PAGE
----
[bjslist] Beginners Javascript newsletter - 14-October-2001

  • From: "Beginners Javascript" <bjs@xxxxxxxxxxxxxxx>
  • To: <bjslist@xxxxxxxxxxxxx>
  • Date: Sun, 14 Oct 2001 22:37:11 +0100

Greetings one and all from Beginners Javascript

Before starting I should extend a warm welcome to all the new list members.
For some reason, number of new members subscribing the list has been
increasing rapidly over the last few weeks. That should be enough incentive
for me to get going on the improvements on the site which have been planned

Recent changes on the site include the addition of a tutorial on working
with DATES AND TIMES in the LEARNING section. This, along with a new page in
the PRACTICAL section that deals with DISPLAYING DATES on your web pages,
should provide a solid base for beginners to build on with their own

More new tutorials/articles will be posted online shortly and details of
these will be in the next newsletter.

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The big subject of this newsletter is BROWSER COMPATIBILITY. How can you be
sure that the latest fancy piece of Javascript you put onto your site will
actually work for all site visitors? If it is related to a key part of the
site (i.e. navigation), will you lose site visitors because it fails? If so,
what can you do about it?

Hopefully the answers to the following questions will help...

Which browser version should you code for?

The general opinion amongst web professionals seems to be that if you code
for version 4 browsers upwards then you will be catering for the vast
majority of net users. For most sites, this is adequate but don't let that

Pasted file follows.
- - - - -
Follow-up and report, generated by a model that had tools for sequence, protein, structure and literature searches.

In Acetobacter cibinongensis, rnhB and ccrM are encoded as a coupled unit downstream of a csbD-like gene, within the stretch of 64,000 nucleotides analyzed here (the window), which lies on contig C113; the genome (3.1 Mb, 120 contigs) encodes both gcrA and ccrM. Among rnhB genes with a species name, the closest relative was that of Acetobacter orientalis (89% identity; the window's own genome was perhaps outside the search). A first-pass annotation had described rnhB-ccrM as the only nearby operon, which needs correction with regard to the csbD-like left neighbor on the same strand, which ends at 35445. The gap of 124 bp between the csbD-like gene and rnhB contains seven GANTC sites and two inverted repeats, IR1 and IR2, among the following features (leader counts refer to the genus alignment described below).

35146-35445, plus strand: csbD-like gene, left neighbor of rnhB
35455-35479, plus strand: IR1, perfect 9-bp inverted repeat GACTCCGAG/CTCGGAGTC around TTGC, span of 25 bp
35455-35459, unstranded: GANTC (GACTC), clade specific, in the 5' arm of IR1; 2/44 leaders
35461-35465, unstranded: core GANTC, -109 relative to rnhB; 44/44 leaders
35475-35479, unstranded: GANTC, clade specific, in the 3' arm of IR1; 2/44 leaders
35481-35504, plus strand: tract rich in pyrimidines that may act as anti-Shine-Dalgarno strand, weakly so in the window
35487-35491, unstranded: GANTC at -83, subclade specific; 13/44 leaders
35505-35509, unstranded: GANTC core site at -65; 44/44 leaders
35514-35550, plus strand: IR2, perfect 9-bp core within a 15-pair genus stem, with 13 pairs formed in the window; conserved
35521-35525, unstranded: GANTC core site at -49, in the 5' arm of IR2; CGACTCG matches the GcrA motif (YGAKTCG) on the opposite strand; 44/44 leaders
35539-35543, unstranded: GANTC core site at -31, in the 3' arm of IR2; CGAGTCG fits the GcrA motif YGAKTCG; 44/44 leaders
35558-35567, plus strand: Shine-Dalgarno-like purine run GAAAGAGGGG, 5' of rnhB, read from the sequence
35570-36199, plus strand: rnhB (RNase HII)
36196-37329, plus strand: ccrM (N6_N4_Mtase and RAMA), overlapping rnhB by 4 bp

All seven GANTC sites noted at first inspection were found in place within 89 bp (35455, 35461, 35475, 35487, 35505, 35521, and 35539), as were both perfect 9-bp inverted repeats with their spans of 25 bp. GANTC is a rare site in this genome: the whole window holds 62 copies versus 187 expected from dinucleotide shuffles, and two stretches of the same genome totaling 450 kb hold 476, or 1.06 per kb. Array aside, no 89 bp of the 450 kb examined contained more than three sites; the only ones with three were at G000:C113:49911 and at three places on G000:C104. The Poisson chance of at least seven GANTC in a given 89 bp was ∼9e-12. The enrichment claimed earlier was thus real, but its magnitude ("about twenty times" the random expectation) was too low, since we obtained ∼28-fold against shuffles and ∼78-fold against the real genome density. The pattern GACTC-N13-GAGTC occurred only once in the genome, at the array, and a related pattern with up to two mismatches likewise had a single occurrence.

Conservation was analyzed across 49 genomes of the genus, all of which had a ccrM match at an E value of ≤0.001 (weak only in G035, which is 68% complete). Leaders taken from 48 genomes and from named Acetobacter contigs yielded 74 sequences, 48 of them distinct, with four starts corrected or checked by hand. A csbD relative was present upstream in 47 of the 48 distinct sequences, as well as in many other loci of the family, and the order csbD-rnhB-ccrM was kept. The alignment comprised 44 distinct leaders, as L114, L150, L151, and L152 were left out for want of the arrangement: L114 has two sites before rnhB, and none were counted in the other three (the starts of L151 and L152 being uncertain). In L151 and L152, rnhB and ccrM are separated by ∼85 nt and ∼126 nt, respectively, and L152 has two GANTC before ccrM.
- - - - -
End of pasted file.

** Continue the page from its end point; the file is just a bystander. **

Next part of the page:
stop you considering that minority who suffer problems when viewing your
site or, even worse, don't stay and never come back! Always bear in mind
that while a fancy new feature in IE5 may look good on your Windows PC,
someone viewing your site in Netscape 4 on a Mac may have a different

How can you tell which browser and version your visitors are using?

The easiest way involves very little work on your part. Simply sign up for
one of the free counter packages on the net and use the statistics they
provide. I have used http://www.thecounter.com in the past but I believe
they may be charging for some of their services. Another good one is
http://counter.mycomputer.com/ which a friend of mine has been using for a
while without any problems.

It really is very easy to get set up and you only need to add a few lines of
code to the main home page of your site to start gathering information on
your visitors like browser name, version, operating system, screen
resolution. All of these help you to be sure that your site is being seen at
it's best by most (if not all) of your visitors.

How to identify different browsers and versions

The partial script shown below can be used to set up some variables showing
the browser type and version. These variables can be used later in your page
as a way of executing conditional code (i.e. only if IE4+).

<script language=Javascript>
   NS4 = (document.layers);
   IE4 = (document.all);
  ver4 = (NS4 || IE4);
 isMac = (navigator.appVersion.indexOf("Mac") != -1);

It works very simply by setting each variable to either TRUE or FALSE based
on whether the relevant code works or not! For example, "document.layers"
will only work in Netscape browser of version 4 upwards but will fail
gracefully in Internet Explorer! Later on in your page simply put an IF
statement around the conditional parts to prevent nasty errors or warnings
from incompatible browsers!

<script language=Javascript>
  if (ver4)
        // do something that only version 4 browsers can handle


All suggestions for topics/tips to be covered are gratefully received. The
current list includes frames, forms plus an introduction to Javascript
classes but if you have something more urgent that you would like to see
then just drop me a line.


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